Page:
This was day 2 of our Italian biking adventure. We were going on a leisurely stroll that we hoped wouldn’t tire us out too much before the actual biking would begin the following day. Oh, how misguided we were!

Please don’t get me wrong. I do not mean to disparage the Cinque Terre, which is spectacularly beautiful. And I don’t really mean to put down Rick Steves, whose tour videos I really enjoy. It’s just that we were not prepared for the real Cinque Terre. The pathway between towns five and four —Monterossa and Vernazza—is only about three kilometers in length, and Steves estimates that it will take a “fit hiker” less than 2 hours to complete. It took us more than 3½. And by the end I was breathing hard and really sweaty, and my shirt was untucked (as usual). Now, admittedly, Steves does call that part of the trail “the most challenging,” so we should have been warned. We also should have been warned when a young couple we met at the start of the trail (who had just completed the trip from the other direction) offered to give us their trail passes for the next day for free (“No way we’ll be using them,” they shared).

But we were in the Cinque Terre at last. And on vacation! So we set off on the first leg of our tour of the “five lands.” I won’t provide a full play-by-play, but here is a little of the flavor of our “stroll.” We started on the beach in Monterosso and began a slow but steady climb up the hillside, heading southeast. The path quickly turned from dirt trail to stone steps (some fairly steep), then to narrower steps, leading to an even narrower trail that looked out over a hillside vineyard and many fruit trees. On some of the trees were lemons as large as etrogs, the Israeli citrus fruit that is part of the Sukkot celebration. Even as we held tightly onto the rock walls, we were enticed to take photo after photo, looking back toward Monterosso and forward toward what we hoped would soon be Vernazza. How beautiful was this!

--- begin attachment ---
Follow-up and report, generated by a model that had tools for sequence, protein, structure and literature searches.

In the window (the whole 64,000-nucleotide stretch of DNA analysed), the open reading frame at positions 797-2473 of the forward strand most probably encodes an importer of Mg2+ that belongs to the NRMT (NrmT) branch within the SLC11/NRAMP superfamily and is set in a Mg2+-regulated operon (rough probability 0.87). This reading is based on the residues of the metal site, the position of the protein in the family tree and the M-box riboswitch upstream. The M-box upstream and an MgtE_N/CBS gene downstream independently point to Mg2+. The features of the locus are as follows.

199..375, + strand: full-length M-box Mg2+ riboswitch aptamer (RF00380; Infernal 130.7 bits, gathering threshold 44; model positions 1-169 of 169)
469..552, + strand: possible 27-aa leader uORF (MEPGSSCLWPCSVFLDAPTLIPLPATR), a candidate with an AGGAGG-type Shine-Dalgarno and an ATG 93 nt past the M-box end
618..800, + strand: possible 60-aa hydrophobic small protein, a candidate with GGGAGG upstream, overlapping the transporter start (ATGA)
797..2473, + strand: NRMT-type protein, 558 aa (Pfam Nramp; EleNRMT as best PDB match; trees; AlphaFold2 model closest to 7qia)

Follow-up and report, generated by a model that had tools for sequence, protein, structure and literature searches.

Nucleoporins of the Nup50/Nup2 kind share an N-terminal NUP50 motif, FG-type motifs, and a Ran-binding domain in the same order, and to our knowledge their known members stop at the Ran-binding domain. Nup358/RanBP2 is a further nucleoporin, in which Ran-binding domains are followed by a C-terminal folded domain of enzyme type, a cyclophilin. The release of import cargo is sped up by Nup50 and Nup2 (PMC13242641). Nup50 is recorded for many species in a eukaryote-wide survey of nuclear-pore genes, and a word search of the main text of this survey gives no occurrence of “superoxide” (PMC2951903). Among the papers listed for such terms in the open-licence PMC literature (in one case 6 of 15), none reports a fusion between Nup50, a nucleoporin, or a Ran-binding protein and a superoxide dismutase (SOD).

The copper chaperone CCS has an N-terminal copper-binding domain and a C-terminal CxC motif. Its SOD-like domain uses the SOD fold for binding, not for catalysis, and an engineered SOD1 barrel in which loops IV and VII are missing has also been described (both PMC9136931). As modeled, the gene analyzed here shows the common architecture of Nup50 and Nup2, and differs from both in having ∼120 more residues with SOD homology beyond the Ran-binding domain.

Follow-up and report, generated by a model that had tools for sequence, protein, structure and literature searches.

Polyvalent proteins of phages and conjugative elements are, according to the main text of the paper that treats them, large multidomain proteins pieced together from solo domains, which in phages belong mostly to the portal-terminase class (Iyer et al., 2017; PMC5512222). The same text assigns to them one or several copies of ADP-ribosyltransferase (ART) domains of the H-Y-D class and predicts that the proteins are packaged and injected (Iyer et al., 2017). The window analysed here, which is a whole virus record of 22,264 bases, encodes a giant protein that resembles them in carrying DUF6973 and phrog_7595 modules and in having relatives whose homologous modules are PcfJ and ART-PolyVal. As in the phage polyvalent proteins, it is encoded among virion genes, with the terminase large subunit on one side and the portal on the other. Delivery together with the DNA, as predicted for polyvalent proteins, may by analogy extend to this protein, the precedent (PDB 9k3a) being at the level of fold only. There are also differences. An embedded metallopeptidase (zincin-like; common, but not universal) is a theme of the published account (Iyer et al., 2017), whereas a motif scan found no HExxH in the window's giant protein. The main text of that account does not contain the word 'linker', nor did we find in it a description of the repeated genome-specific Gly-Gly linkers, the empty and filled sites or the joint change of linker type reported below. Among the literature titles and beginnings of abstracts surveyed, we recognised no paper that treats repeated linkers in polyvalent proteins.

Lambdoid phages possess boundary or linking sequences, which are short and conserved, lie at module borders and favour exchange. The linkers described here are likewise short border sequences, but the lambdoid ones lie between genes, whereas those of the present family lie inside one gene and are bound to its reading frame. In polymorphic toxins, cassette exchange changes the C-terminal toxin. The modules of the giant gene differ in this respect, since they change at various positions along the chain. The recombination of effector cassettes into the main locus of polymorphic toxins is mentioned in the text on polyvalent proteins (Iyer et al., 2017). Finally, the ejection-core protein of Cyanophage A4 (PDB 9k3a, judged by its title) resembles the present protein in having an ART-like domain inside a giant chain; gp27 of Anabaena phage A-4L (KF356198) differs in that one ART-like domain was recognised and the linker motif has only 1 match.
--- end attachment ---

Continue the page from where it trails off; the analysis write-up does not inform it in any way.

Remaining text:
A view of Monterosso where we began our climb

Being 60-somethings, we often found ourselves moving aside on the trail as much as we comfortably could to let younger tourists pass us by. “They must be the fit hikers Rick Steves mentioned,” I thought. I also wondered just why they weren’t sweating or huffing and puffing.
Hanging on as we get closer to Vernazza
I kept telling myself that once we reached the highest point in the trail and began heading downhill, it would go easier for us. But I hadn’t figured on the effect of heavy rains that had fallen in the region in the days before our visit. The downhill rocks and steps were better gravity-wise, but they were somewhat slick and tough on the knees. Still, everywhere we looked there was something unusual and picturesque, demanding to be photographed. There were the cactus covered with fruit, just like the ones Rick Steves had shared with the farmer. There were flowering bushes literally springing out of the rocks. There was even a workman incongruously blocking our path with a cart filled with more stones. Where could he be taking them?
And there at last were the pastel-colored houses of Vernazza, crowding a small harbor on the coast of the Ligurian Sea. And we were being welcomed by a singular saxophone player, whose notes bounced off the hillside. I think he had his case open for tips, but most of us were too busy wiping the sweat from our eyes to notice.

One last picture before we enter Vernazza

We had made it to Vernazza. Whew!

We explored the town and decided to pick out a restaurant for lunch. Characteristically, Phyllis wanted us to go to the one that sat atop a steep wall of steps. (Phyllis is part mountain goat, I am convinced.) And she wasn’t satisfied with our climbing just one set of steps. “The ones on the next level will have an even better view,” she insisted. We talked her down, literally, and she agreed to let us be seated at tables on the second terrace. Our waiter was gracious and oh-so-Italian. “My name is Andrea, like-a Bocelli,” were his first words. He proceeded to flirt with all of the women at our table and the ones nearby too. He brought us wine and pasta and never stopped charming us until we were rested and stuffed and happy. We had friendly thoughts about Rick Steves again.